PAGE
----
(HealthDay)—The introduction of combined first-trimester screening correlated with an increase in chorionic villus sampling (CVS) and a decrease in amniocentesis, while both CVS and amniocentesis decreased with the introduction of noninvasive prenatal testing, according to research published online May 6 in Obstetrics & Gynecology.
Sebastian Larion, from the Eastern Virginia Medical School in Norfolk, and colleagues describe the changes over time in the number and rate of diagnostic testing after introduction of the combined first-trimester screen and noninvasive prenatal testing. Data were considered from three time intervals: before introduction of a combined screen; after introduction of a combined first-trimester screen; and after introduction of noninvasive prenatal testing.
The researchers found that the peak in combined first-trimester screening was in 2009 to 2010, with 1,836 procedures. There was a 48.1 percent decrease after introduction of noninvasive prenatal testing. After introduction of combined first-trimester screening in 2007 to 2008, CVS peaked at 100 procedures, representing an 81.8 percent increase from the pre-combined screen period. During 2012 to 2013, after introduction of noninvasive prenatal testing, there was a 68.6 percent decrease in CVS. There was a decrease in amniocentesis every year of the study period (78.8 percent overall), with a 60.3 percent decrease after combined first-trimester screen and an additional 46.7 percent decrease after noninvasive prenatal testing. Similar trends were seen in analyses per 100 morphologic ultrasonograms.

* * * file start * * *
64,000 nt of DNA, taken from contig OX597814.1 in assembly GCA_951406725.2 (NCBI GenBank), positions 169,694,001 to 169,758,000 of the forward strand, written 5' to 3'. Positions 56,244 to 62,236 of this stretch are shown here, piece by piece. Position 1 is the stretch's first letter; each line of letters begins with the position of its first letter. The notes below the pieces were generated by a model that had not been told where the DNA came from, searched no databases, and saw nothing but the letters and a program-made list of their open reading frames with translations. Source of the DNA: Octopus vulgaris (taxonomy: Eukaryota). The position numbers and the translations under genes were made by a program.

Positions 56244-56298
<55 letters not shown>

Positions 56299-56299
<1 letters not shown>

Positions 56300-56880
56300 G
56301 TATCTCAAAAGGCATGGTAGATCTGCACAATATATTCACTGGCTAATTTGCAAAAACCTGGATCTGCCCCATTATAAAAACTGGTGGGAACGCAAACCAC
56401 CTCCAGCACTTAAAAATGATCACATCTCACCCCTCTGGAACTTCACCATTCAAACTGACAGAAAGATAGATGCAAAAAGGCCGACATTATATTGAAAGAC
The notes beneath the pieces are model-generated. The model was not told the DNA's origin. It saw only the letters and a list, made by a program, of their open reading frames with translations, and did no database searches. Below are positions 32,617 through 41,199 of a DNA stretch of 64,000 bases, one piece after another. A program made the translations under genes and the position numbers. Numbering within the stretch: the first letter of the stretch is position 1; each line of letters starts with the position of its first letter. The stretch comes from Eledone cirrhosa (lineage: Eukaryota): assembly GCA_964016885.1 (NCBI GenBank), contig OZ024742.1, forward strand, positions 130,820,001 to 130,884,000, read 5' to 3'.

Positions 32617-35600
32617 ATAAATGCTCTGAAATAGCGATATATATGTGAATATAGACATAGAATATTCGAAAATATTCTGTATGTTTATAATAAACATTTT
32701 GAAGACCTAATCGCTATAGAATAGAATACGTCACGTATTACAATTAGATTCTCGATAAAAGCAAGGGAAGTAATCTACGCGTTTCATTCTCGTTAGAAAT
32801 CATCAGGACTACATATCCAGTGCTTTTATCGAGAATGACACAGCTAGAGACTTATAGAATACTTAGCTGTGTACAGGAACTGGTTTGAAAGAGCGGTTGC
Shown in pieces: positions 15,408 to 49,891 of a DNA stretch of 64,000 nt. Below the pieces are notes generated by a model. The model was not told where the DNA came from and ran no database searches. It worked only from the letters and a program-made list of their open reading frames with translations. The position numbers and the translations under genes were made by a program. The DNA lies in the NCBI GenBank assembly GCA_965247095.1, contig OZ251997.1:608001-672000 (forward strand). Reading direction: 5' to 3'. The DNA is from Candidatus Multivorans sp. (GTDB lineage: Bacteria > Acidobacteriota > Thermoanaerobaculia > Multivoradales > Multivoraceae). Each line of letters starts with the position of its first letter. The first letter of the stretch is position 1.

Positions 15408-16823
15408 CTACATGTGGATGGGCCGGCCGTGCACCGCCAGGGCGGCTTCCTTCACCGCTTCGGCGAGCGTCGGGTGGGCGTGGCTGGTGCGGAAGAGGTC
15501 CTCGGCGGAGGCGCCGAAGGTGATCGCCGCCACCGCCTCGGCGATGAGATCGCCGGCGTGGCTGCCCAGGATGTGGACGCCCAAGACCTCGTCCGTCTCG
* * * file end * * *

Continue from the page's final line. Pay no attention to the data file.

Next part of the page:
"With increasing physician and public awareness of the availability of noninvasive prenatal testing, we expect similar trends to be experienced at other institutions," the authors write.
One author disclosed financial ties to Illuminia-Verinata, a manufacturer of prenatal tests.
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